Timberland Case Study



The Timberland Company is a highly successful shoe and clothing manufacturer whose strategy and structure have changed drastically over its history. Formed in 1952, by Nathan Swartz, the company’s initial success was driven by radical innovation, such as the production of the first truly waterproof pair of work boots. However, as they grew in size, Timberland moved away from this game changing innovation strategy, to place more focus on specific consumer markets with the creation of in-line teams. Timberland was eventually convinced to return to its innovative roots following the difficulty in implementing a new idea known as Smart Comfort, as a result of the fashion oriented business structure. They achieved this through the creation of a separate department known as the Invention Factory (dubbed iF), who would act as idea generators and concept designers. Whilst placing focus once again on the generation of game changing innovations to retain organisational success, iF has a number of detrimental impacts which inhibit its effectiveness. These faults lie in the areas of cultural misalignment, lack of strategic clarity, organisational structure, failure to create social capital, and integration of innovative ideas into the mainstream in-line teams. It is necessary for Timberland to address these issues to maintain their long-term success.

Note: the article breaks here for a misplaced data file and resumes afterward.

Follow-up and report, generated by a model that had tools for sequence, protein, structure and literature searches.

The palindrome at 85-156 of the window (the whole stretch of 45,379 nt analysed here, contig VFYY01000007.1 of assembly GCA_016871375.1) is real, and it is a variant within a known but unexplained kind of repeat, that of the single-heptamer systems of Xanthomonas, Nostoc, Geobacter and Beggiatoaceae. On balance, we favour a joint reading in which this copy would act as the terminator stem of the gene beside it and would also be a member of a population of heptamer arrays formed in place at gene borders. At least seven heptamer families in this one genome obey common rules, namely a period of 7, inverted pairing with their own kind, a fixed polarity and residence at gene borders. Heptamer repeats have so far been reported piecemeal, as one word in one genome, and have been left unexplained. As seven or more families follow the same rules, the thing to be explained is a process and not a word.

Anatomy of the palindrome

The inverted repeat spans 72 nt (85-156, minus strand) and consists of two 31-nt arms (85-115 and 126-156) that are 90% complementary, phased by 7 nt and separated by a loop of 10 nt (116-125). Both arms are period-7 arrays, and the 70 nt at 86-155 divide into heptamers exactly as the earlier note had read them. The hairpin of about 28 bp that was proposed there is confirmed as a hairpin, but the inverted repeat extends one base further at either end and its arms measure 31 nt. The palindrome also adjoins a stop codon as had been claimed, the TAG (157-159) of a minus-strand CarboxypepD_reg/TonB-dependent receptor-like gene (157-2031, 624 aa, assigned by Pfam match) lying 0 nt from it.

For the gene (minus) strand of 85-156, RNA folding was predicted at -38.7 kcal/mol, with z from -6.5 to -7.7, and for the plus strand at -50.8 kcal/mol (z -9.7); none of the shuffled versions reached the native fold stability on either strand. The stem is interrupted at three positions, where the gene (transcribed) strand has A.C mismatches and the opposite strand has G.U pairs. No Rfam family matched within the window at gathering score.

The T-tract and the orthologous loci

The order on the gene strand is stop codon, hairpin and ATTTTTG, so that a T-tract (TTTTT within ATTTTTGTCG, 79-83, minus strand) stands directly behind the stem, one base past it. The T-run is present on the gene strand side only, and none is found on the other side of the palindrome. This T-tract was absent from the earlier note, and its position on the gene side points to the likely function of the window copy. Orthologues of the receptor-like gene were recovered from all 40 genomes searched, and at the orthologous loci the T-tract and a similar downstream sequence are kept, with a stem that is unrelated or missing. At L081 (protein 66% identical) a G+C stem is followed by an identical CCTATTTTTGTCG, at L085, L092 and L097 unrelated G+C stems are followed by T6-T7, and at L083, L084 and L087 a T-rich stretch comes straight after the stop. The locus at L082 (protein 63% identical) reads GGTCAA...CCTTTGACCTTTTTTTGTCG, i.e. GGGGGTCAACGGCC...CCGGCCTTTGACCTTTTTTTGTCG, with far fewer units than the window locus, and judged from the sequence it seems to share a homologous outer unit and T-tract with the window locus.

Cultural Misalignment

Since 2002, Timberland has been separated into the following distinctive departments; Inline Team, Speed Team and Advanced Concept Team (iF). The in-line teams would remain organised by consumer segments and focus on products in the seasonal calendar as well as focus heavily on global consumer segmentation and brand marketing. The speed team was formed to handle responsiveness for products that could be placed on a shorter calendar, developed quickly and immediately sent to market. iF had a longer time horizon which focused on new ideas requiring longer development, new factory...